It’s so fascinating how a genre supposedly equally divided between males and females can be made to seem so completely dominated by men. For those people who don’t know much about documentaries and the great, amazing women who make films you’d think we lived in a world where only men directed docs…kind of like the feature film business.
In today’s NY Times piece previewing the Toronto slate of docs there is not one mention of a female directed film.
When I first saw the list a couple of weeks ago I was disturbed about the lack of female directed films. Only 4 films are directed or co-directed by women out of 23 films. The tone of the Times piece is over the top about Werner Herzog who is a prolific and interesting documentarian and also mentions the Davis Guggenheim film, the Morgan Spurlock film and the Alex Gibney film among others.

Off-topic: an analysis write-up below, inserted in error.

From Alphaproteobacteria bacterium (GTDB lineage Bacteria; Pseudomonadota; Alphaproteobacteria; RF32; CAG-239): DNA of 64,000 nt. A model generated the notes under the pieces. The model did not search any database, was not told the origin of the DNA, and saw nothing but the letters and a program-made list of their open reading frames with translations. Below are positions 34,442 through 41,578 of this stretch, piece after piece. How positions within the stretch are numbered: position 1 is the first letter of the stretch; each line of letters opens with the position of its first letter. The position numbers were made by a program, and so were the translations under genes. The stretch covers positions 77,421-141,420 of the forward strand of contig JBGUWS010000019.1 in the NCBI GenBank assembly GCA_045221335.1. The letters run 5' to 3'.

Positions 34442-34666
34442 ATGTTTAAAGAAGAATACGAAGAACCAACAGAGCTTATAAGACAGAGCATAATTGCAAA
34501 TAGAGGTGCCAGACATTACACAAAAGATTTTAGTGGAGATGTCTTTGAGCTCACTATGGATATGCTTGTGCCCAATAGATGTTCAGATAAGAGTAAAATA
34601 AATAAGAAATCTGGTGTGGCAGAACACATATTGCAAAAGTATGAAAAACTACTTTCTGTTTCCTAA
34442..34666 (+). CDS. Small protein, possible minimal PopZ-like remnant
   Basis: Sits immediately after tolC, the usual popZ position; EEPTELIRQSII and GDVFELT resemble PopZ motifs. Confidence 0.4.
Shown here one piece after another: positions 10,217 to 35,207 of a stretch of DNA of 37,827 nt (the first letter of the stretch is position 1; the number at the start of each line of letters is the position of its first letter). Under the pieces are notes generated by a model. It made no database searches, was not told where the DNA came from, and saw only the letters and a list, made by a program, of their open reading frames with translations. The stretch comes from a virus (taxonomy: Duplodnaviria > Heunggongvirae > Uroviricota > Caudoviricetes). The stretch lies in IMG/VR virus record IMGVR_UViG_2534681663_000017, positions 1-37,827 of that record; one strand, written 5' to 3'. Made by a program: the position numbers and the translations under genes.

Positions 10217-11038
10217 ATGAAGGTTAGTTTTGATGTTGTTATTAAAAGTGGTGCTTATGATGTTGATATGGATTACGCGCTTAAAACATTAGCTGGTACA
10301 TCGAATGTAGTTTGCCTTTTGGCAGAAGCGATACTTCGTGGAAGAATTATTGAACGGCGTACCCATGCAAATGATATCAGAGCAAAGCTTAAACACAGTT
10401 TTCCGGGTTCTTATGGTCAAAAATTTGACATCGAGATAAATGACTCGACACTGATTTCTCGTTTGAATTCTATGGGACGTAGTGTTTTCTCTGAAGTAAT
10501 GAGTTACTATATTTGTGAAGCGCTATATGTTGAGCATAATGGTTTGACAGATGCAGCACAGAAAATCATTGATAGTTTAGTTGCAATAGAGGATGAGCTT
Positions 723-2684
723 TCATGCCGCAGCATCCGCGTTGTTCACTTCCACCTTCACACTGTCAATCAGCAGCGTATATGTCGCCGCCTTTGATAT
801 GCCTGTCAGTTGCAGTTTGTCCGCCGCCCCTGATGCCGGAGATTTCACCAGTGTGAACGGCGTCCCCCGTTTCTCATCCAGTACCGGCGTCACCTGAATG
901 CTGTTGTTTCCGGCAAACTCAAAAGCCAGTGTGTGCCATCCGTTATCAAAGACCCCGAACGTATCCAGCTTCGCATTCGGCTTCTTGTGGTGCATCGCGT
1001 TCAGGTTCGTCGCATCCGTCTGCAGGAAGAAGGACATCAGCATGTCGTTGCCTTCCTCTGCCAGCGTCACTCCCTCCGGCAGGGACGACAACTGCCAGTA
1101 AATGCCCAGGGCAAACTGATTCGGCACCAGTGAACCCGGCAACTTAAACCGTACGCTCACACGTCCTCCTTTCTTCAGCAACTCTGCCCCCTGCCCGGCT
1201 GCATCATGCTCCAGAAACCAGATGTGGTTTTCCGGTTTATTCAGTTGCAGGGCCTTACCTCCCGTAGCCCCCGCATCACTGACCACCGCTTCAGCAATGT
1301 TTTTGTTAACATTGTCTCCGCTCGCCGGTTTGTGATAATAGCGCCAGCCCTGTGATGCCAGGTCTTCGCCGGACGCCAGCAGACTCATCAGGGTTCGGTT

The piece talks about how docs are taking on more important issues and are becoming more visible in the culture. Here’s the quote from Thom Powers who program the docs at Toronto: “It’s a notable marker of the way in which documentaries are growing in prominence, both at the festival and in the culture.” I guess when films become more important in the culture that means that we need men to be out in front.
I don’t know how we can get a story about documentaries and not get a single female directed film mentioned. Where is the mention of Jessica Yu’s film Last Call at the Oasis? It’s about the fact that we are running out of water on this planet and that’s a global crisis. Isn’t that as important as a film about fans at Comic-Con which is the movie Morgan Spurlock is screening?
It’s like the women doc directors don’t exist. The lack of females on the bill is shameful — please don’t tell me that there weren’t film available, I just don’t believe it.